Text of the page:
January 30, 2011
Hello, my name is Chris Leonardi (this should have been tragically obvious by my user name.) I'm a senior in High School in Dumas, TX (pronounced "middle-o'-nowhere") and have been involved in policy debate for coming-on four years now. This experience with policy debate has created a very unique exposure to the world of philosophy and critical theory for me (almost entirely because of Hank and his brother), and is what has led to this collaboration between myself, the Tank, Adam, Gonzaba and others who may contribute in the future. I'll be going to college next year in one of two institutions with top 10 communications programs where I'll work to receive my PhD in political communications studies.
My background in policy debate is rather mixed, and admittedly, boring. I've only ever attended a handful of competitive tournaments, some of which I've won and some of which I've lost, but more wins than losses, which is always a good thing. I won't go into any kind of history of accomplishments or medals or seeds or war stories: mostly because it has nothing to do with this blog, but also because that would be egotistical. Ask if you must.
My background in philosophy, however, is directly relevant, and I will expand on it (at length when necessary.) I began my reading in a very difficult and interesting place: after being defeated on a Nietzschean criticism in a debate round my freshmen year by Hank's older brother Preston (He probably remembers the round, semis of some local on the Africa topic) I decided to read up on this "philosophy" business and see how it was relevant to policy-making. I began with what my parents told me was the beginning of philosophy: a copy of Plato's "Republic". Since then my interest in philosophy has always been tinged with a normative spur to apply our thought to the political. My interests span from Nietzschean explorations of aesthetics and ontology to Marxist strategies of revolutionary organization in contemporary resistance to Deleuze/Guattari's writings to Derridean/Artaudian notions of language. My appetite for thought is interminably expansive. Even if I'm not familiar with a body of work, I'll begin to read it at a mere suggestion or a slight pique of interest. My main focus, out of all of these categories above, is the works of Deleuze and Guattari and their applications to the modern process of politics and the composure of space. While this will (hopefully) be a large part of my field of study in the field of communications as my degree progresses, I aim to use this blog to explore the finer points of how political and communicative/ontological space are formed through the physical aspects of space.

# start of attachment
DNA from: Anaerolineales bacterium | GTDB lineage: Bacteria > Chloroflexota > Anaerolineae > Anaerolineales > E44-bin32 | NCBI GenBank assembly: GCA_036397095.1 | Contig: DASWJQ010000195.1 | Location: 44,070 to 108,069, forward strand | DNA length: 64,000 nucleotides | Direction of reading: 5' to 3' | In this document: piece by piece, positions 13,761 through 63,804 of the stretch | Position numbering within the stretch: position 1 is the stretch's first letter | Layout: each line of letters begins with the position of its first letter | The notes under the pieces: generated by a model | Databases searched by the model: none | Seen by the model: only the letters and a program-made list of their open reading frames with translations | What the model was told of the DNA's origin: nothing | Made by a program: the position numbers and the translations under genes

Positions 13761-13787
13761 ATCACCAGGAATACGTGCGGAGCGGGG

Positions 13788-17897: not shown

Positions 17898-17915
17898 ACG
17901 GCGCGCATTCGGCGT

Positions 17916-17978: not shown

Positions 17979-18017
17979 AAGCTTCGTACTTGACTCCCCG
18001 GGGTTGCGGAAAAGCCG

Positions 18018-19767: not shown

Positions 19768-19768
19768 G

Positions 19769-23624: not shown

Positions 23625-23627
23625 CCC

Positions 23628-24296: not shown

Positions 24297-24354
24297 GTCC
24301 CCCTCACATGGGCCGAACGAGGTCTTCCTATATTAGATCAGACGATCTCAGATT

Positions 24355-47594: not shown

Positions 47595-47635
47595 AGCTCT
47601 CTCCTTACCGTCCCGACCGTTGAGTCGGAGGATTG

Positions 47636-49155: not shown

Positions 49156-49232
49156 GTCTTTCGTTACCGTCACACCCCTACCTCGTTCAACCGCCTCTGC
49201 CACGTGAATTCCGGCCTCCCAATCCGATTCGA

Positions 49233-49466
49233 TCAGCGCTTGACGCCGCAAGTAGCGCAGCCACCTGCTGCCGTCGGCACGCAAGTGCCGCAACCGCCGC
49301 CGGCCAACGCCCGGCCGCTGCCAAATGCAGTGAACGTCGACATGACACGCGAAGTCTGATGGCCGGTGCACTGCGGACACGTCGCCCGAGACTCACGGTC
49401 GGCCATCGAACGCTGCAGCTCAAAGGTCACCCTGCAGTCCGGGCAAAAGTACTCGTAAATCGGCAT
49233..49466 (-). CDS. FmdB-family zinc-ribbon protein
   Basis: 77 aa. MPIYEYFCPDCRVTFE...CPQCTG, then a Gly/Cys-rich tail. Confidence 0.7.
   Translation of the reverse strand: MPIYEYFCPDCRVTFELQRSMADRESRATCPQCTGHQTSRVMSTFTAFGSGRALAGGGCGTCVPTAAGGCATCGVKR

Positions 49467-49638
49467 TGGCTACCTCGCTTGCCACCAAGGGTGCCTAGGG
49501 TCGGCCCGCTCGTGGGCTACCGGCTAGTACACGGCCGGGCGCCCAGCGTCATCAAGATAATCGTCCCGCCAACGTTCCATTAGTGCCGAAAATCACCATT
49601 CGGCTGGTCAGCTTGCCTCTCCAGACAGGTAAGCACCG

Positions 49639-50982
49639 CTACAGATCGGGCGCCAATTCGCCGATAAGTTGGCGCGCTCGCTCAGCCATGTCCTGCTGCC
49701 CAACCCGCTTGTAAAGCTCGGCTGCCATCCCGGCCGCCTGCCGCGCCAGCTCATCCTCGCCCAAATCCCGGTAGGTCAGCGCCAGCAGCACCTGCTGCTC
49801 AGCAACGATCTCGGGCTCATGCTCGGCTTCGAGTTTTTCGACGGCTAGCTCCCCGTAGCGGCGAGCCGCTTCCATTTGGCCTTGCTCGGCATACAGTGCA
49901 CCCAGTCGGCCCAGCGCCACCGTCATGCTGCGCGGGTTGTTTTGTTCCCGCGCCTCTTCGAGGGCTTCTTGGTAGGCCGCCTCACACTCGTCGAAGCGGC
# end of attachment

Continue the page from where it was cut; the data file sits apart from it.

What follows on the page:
Which brings us to this blog. If you take nothing else from this blog, take this: always search and question new ways to apply the leviathan-esque metaphors and nebulous ideas of writers and thinkers to the world in very particular, active ways. I intend to provide such an outlet for the generation of new lines of thinking that fracture the contemporary frames of reference that form both our physical and metaphysical space by introducing questions and problems about the application of our thought to the world around us.
Welcome to Lines of Fracture: stay awhile and enjoy the view. I take this name as a means of, not of translating thought into action, but of an irreparable blending of the two. Philosophy should not be something left to "high thinkers" and "scholars" - we are all scholars. Thought is the single most potent weapon in human history, and the refusal of the masses to wield it only represents a death of politics. This is a reclamation of philosophical thought for the every-man: let's begin.